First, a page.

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by Jason Snell & Dan Moren

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By Jason Snell

watchOS 2 released: Let’s get this party started

In July I wrote a column for Macworld called “The real Apple Watch party starts this fall.” The premise was simple: For all the talk about the first few months of the Apple Watch’s existence, the holiday quarter will tell the tale. To get it ready for its big moment, Apple has added new bands, new body colors, and—most importantly—given it its first major OS update, watchOS 2, which arrives today.

(To install watchOS 2, go to the Apple Watch app on your iPhone, tap General, then Software Update. Your iPhone and Apple Watch will need to be on the same wi-fi network, your watch needs to be at least 50 percent charged, and it must be attached to your charger.)

Nightstand mode!

I’ve been using a beta version of watchOS 2 for the last couple of months, and I love some of the new features. Most notably, I’ve unplugged my old bedside alarm clock and replaced it with my Apple Watch charger in an Elevation NightStand dock. In watchOS 2, when you dock your Apple Watch, it goes into Nightstand Mode, displaying the time in a 90-degree-rotated orientation. When the alarm goes off in the morning, the digital crown is your off button, and the other button lets you snooze the alarm. I love this feature.

But the make-or-break feature for watchOS 2 is probably improvements to third-party apps, and there weren’t many for me to try during the beta period. watchOS 2 promises improved apps that can run right on the watch, rather than being tethered to the phone. Up to now, using watch apps has been a crapshoot, with apps usually loading slowly, if at all. The ability of apps to run on their own, and even access the Internet via wi-fi even when a companion iPhone isn’t available, is exciting. I just haven’t been able to test it.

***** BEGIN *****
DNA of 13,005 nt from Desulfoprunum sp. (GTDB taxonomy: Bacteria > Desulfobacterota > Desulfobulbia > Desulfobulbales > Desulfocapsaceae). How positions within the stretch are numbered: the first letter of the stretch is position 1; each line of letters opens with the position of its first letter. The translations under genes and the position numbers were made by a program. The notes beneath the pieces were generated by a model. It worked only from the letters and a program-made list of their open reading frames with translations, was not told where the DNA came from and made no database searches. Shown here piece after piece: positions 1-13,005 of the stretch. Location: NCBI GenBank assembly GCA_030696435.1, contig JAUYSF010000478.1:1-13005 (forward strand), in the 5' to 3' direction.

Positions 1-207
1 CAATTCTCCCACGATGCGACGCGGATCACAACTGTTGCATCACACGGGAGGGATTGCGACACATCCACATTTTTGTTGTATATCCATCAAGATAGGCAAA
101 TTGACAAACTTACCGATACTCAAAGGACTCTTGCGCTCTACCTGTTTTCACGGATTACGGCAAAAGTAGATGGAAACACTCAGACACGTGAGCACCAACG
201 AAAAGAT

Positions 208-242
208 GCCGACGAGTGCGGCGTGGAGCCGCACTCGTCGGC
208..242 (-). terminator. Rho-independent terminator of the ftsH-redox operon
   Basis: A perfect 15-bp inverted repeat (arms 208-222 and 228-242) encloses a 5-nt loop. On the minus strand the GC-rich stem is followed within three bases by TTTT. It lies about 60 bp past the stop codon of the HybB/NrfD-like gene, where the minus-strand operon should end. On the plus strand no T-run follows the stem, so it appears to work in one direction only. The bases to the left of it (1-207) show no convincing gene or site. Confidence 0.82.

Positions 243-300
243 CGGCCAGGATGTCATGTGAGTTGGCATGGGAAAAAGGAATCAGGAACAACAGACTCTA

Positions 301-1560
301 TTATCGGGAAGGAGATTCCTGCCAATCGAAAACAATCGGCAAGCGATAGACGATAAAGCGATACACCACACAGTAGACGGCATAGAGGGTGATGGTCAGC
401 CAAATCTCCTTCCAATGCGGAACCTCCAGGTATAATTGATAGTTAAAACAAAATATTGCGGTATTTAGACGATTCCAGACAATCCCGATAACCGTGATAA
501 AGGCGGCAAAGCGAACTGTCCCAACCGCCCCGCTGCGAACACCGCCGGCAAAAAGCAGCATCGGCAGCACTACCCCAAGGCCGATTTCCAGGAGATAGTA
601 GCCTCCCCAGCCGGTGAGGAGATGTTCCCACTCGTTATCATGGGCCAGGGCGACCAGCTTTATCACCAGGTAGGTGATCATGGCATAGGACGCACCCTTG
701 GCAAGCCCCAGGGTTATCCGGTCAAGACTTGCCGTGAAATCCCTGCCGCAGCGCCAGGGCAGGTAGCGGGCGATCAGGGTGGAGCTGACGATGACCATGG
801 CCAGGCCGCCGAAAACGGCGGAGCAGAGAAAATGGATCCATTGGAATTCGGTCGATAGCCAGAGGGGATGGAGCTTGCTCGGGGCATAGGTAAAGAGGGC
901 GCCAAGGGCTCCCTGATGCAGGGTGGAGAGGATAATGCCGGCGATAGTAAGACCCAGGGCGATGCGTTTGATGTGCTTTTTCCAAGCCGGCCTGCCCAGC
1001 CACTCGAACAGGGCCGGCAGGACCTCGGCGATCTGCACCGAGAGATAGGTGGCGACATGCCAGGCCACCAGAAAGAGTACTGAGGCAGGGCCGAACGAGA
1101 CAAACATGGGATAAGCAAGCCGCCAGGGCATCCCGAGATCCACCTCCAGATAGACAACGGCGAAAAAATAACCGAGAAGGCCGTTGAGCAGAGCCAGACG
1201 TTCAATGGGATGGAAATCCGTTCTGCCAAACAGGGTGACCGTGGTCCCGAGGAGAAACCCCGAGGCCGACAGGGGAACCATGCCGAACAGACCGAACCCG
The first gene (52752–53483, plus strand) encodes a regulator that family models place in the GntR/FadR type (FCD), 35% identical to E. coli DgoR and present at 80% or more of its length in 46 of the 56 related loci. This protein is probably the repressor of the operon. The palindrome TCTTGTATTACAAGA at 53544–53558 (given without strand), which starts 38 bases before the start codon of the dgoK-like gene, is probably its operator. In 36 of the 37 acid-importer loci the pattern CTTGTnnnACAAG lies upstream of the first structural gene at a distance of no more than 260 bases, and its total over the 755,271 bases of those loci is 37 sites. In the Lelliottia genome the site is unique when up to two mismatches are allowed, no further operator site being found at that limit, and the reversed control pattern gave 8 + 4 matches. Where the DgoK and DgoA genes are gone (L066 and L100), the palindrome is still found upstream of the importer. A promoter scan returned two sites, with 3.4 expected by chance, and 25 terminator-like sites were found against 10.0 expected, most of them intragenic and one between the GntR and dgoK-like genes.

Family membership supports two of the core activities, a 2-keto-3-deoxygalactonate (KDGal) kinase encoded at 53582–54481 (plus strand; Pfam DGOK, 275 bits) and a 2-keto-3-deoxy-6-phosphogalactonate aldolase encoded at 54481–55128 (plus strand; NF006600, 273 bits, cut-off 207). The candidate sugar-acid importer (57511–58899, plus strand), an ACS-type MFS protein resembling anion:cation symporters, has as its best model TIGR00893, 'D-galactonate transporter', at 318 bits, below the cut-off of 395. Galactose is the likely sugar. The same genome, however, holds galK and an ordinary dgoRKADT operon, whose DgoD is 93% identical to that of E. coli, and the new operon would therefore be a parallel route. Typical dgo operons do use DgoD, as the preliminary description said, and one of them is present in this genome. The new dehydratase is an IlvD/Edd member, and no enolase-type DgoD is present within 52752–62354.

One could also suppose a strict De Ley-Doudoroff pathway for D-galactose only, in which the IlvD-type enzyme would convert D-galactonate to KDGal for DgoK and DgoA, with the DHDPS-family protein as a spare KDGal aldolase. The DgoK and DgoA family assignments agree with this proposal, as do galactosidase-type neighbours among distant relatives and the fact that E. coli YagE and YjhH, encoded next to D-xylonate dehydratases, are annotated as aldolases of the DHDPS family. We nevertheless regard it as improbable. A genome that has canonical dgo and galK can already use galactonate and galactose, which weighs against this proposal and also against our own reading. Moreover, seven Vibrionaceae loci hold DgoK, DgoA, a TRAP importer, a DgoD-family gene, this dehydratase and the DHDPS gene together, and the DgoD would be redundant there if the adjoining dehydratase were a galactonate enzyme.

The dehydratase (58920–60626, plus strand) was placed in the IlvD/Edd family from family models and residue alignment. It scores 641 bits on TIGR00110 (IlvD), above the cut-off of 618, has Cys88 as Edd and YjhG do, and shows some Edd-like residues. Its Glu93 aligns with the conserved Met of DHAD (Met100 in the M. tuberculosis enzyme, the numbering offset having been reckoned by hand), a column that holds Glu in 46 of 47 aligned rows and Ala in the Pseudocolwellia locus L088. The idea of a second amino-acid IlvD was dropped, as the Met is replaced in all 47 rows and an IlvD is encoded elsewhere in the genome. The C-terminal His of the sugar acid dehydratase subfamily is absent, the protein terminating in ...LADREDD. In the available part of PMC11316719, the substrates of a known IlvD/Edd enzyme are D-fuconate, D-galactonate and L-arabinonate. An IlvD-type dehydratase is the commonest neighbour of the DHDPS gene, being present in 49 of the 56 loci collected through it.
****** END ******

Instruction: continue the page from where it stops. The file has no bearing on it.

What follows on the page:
More important than the apps themselves is the ability of apps to project data onto your watch face via third-party complications. I’m so excited to see a variety of new data sources on my watch face. (Weather Underground, let me put my weather station’s temperature on my watch!) But again, we’ll have to see how third-party developers take advantage of this feature.

timelapse
The Timelapse face.

Also new in watchOS 2: Some new watch faces—stay tuned for the return of the Apple Watch Face-Off! There’s a new see-what’s-up-next feature called Time Travel, that I didn’t find particularly helpful on my fairly minimal watch face, but combined with third-party complications on a more information-rich face such as Modular, it could be pretty awesome.

Is watchOS a revolutionary update to the Apple Watch? No, it’s not. What it offers, though, is a raft of improvements that make it a much more useful and versatile product for its very first holiday season. There’s a lot of improvement still to be done on the software side, but even if all watchOS 2 does is sweep away the brainless, useless third-party apps and replace them with ones that are responsive and functional, it will have done its job.

It’s almost the holiday quarter. The doors to the party are open. Let’s see what the guests say.

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[Get much more watch-related stuff on our Apple Watch page.]